Does the change of gender matter? That might depend on whether you enjoy Moore’s brand of tragedy. She’s drawn to tearjerkers, or perhaps I should say melodramas. Some of her great successes have been roles in which she was crying or dying or both (Far From Heaven, The Hours, Still Alice). Putting her opposite Williams, whose style is more minimalist, makes for some crackling scenes here, but they are not really enough to sustain the movie.
Freundlich is a sensitive storyteller. The question then becomes how well he tells the surprise. If he pushes the emotions too hard, it becomes mawkish, although that’s just where some of the audience will want it to be. When a story earns it, most of us are happy to give up some tears; this one only thinks it does. That kills emotion, offering a facsimile of drama rather than the real thing.
Director Ron Howard’s film is largely made up of clips from Luciano Pavarotti’s 45-year-long opera career, plus interviews with those who loved and worked with him – including Placido Domingo, Jose Carreras, Angela Gheorghiu, Madelyn Renee and his third wife, Nicoletta Mantovani. Reviewer Paul Byrnes says Bono and Terri Robson, his last manager, give interesting insight into his final years, “when he was more of a stadium attraction than an opera singer. There’s also a glimpse of the ruthless business dealings of earlier managers Tibor Rudas and Herbert Breslin – though no mention of the spectacular break-up with the latter. He told Clive James in an interview from the 1980s that he never knew if he was going to be able to reach the high Cs that made him famous. He was genuinely afraid before each performance”.
“That Pavarotti is worthy of an in-depth documentary is indisputable. The doubt is that this is actually “in depth”, as enjoyable as it is. Howard knows how to make it emotional and appealing, to make us love the man as well as the extraordinary voice, as he skims the surface of a grand life and career. That he does that with a man who was sometimes appalling in his behaviour towards others is itself a feat. In this case that’s largely by omission.
Howard comes not to bury Caesar but to praise him. The clownish years of Pavarotti’s late career, the accusation of lip-syncing, the pettiness of his derisory opinions about his rivals (even those he counted as friends such as Domingo) do not feature.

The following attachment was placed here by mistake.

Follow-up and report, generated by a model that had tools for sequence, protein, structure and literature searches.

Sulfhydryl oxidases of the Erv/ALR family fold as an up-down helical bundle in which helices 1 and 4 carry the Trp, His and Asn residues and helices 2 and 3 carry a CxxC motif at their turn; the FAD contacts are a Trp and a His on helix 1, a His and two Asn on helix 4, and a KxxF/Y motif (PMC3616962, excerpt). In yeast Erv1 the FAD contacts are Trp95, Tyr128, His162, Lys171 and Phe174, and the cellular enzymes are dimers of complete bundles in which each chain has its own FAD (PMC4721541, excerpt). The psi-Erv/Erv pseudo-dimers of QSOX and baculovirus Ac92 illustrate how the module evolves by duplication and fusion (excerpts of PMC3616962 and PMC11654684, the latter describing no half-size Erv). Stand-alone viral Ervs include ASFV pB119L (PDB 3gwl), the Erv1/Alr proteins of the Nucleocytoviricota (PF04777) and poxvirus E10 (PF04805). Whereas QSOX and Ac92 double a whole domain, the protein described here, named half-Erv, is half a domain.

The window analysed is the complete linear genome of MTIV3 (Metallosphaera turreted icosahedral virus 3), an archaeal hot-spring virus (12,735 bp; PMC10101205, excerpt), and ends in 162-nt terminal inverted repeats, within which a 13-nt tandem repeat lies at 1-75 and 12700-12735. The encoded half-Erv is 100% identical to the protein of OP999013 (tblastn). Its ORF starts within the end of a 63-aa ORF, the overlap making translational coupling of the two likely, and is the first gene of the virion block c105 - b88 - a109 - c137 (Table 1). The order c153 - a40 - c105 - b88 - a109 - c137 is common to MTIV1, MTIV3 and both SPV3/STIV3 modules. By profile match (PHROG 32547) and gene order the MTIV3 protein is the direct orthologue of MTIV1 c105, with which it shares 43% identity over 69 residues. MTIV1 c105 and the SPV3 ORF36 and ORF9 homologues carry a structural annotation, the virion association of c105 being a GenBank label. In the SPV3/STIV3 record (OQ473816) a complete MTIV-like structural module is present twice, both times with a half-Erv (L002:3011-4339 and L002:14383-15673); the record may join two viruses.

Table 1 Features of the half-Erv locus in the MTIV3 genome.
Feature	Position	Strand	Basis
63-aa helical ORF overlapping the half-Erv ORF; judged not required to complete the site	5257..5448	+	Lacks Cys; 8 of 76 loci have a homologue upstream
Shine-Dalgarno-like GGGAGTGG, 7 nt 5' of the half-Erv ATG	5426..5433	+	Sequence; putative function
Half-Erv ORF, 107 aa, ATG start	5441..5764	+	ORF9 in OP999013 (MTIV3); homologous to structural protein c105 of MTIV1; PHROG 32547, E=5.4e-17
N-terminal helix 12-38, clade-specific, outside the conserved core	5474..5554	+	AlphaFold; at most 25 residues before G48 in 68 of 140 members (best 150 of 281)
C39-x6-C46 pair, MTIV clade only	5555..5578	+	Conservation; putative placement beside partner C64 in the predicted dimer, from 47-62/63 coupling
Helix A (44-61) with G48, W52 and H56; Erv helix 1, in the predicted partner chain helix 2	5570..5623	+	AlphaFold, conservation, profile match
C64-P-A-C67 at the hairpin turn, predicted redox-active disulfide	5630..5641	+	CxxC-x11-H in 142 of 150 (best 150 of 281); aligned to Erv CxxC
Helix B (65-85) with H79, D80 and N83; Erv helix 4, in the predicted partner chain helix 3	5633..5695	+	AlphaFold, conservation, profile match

Nor is there much analysis of the man’s place in opera history, except to plonk him atop the list of greatest Italian tenors of the past 150 years. No-one mentions the narrowness of his range nor the disasters when he went outside it.
Howard is honest enough to admit, as Pavarotti did, that the singer had many faults, especially as a father and husband. There were many women while he was married to the long-suffering and generous Adua Veroni, who bore him three daughters. She eventually forgave him as he lay dying in 2007.
His lovely daughters speak frankly, although I got the feeling they might have wanted to say a lot more. It’s clear that whatever else he may have done, his daughters knew they were loved. Pavarotti’s heart was as large as his voice.
If Howard does not go deep, he does capture the man’s humour, his generosity of spirit and a few surprising aspects of the biography.
He wanted to be remembered as someone who took opera to the people. The Three Tenors concerts and recordings certainly achieved that.
It is clear that Pavarotti’s voice brought pleasure and joy to many millions who do not go to opera houses. We’ll have to wait for a film that digs deeper on how he did that, but this one will do nicely in the meantime.
Blinded By The Light ★★★½
Pakistani teenager Javed (Viveik Kalra) lives in Luton – the depressed heart of Thatcher’s England – where the unemployment figures are rising rapidly. He has just started at a new high school, with an ambition to be a writer, when his overbearing father Malik (Kulvinder Ghir) loses his job at the local car plant. His older sister is about to be married and his mother is having to labour even harder at the piece work she does for a clothing factory. One night after a friend gives him a tape of Bruce Springsteen’s biggest hits, Javed develops an acute case of Springsteen fever.
“Blinded by the Light is another coming-of-age film from Gurinder Chadha, the British-Indian director who made her breakthrough in 2002 with Bend It Like Beckham,” writes reviewer Sandra Hall. “This time, she’s working from a memoir by Sarfraz Manzoor, a British journalist of Pakistani heritage, who credits his love of Springsteen’s music with its life-changing properties.
It’s an idea that has inspired Chadha to wrap Mazoor’s recollections of his angst-ridden adolescence into a film that she sees as a ‘hybrid musical’. It’s not exactly MGM revisited. Javed and friends don’t launch abruptly into intricate routines a la Kelly and Astaire.
But they do dance in the street and dialogue segues into song when Javed decides – as he often does – that Springsteen’s lyrics serve him better than his own words.
The script takes us through the rites of passage familiar from teen movies the world over. Javed finds a girlfriend (Nell Williams) who understands him, his English teacher (Hayley Atwell) encourages his desire to write and he chafes against his father’s powerful urge to decide his future. The story’s point of difference lies in the sordid fact that the bully boys of the resurgent National Front are doing their utmost to make life miserable for Javed’s family and their fellow Pakistanis.